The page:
This gentle evocation of second-chance romance among the Amish will win many hearts. While they might be said to be in the summer of their lives, neither Abigail Stolz nor Ethan Miller is entirely happy. They were each widowed and Jamie, Abigail’s nine-year-old son is giving trouble in school – Ethan is the schoolmaster. A SUMMER AMISH COURTSHIP begins in spite of the pair’s intent. Jamie needs extra lessons when most farming people really don’t have time from daybreak to dusk.
Normally I read about an unmarried woman doing teaching work. But if all the young women had married – thus removing themselves to care for their homes – I guess a keen reader with no family of his own, and the patience to spend days with children, would be chosen. Ethan is well established when Abigail and her son arrive in Hickory Grove from their former home. As Abigail lives with her own parents, doing most of the housework, nobody in the friendly community notices that Abigail’s mother June is in the early stages of dementia. Abigail has been efficiently helping out and covering up, taking on twice the responsibility she previously had.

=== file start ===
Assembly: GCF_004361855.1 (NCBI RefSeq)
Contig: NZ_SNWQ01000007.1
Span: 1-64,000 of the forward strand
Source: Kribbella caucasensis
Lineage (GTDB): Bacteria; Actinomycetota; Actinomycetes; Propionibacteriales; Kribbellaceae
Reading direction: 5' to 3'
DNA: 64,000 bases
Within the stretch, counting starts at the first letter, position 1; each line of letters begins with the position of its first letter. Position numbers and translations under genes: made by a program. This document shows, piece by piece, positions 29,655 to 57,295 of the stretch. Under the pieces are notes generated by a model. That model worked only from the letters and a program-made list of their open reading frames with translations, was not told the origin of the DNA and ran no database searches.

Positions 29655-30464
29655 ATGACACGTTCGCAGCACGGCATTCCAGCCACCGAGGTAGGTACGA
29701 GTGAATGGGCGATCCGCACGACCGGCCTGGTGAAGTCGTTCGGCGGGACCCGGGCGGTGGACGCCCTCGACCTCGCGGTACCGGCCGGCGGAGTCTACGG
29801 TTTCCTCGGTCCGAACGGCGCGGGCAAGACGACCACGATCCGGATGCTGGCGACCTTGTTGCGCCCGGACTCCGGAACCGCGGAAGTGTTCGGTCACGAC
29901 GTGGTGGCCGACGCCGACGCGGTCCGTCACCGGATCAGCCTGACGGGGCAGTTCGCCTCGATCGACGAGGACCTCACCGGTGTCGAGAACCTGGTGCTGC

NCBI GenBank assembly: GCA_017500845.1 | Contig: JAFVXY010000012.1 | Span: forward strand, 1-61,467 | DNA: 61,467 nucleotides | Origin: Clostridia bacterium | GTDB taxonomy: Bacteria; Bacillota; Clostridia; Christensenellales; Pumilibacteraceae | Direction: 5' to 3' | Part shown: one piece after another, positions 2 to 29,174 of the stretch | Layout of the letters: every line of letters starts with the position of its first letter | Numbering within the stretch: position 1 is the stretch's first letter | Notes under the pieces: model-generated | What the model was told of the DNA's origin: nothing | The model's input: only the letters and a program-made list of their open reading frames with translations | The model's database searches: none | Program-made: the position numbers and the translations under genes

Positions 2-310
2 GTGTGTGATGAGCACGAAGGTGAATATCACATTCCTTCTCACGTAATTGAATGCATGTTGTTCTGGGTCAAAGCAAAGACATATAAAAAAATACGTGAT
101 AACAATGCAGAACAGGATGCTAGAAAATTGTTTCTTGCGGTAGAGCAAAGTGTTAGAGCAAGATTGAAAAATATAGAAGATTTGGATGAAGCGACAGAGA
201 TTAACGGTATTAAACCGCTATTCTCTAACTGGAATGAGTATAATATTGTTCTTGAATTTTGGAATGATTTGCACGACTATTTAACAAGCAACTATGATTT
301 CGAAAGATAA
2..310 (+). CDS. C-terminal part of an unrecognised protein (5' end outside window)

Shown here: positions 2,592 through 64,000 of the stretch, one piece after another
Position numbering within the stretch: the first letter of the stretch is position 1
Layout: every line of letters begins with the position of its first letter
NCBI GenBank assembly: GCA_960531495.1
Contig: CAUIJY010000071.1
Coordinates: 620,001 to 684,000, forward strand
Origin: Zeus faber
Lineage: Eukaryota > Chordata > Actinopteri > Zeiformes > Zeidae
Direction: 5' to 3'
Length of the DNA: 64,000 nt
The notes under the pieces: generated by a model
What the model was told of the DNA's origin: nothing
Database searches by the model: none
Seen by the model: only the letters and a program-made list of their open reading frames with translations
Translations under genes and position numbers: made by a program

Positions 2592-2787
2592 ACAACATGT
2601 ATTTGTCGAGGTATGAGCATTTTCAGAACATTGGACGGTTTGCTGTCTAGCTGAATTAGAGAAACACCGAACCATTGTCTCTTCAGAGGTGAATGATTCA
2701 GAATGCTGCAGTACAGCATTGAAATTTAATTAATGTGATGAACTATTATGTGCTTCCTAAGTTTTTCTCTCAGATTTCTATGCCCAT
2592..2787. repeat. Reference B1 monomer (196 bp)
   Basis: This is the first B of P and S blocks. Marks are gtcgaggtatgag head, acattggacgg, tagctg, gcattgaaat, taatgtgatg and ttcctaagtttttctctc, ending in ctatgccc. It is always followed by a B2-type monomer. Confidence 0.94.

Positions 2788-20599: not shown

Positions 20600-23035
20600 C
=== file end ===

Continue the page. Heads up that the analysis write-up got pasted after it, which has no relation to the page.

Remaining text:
To me, it’s astonishing that so little emphasis would be given to the quality of the children’s education. The school has ancient materials, including a chalkboard and primers sixty-years-old. Nobody seems to read with the children at home. If the youngsters only start at the advanced age of six and are likely to be pulled out in early teens to work in trades, shouldn’t they pack in as much learning as possible to those few years? Yet we are shown a wise farmer who comments that the outside world is changing fast, and the young people will need to know how to deal with visitors who buy their goods.
Besides the quiet romance that builds through this book, we see the weight of caring for a parent with dementia. Many adults in every community can relate to this issue and sometimes it helps to read about characters going through what you’re surviving. Overall it must be said, this is a cheerful book, full of Emma Miller’s usual observations of living close to the land, lively with her well-written characters and good cooking. As they do so much physical exercise, the Amish can eat filling meals including three kinds of salads and bread, then two choices of dessert. Who wouldn’t want that kind of picnic? A SUMMER AMISH COURTSHIP comes as a welcome break from the stresses of spring 2020.
After a sudden heartbreaking loss, young widow Abigail Stolz must somehow help her troubled son adjust—even if it means working with Jamie’s stern schoolmaster, Ethan Miller. Much to her surprise, Ethan is actually a sensitive man who is also grieving—and lonely. But will family duty and the past keep them from a chance at happiness together?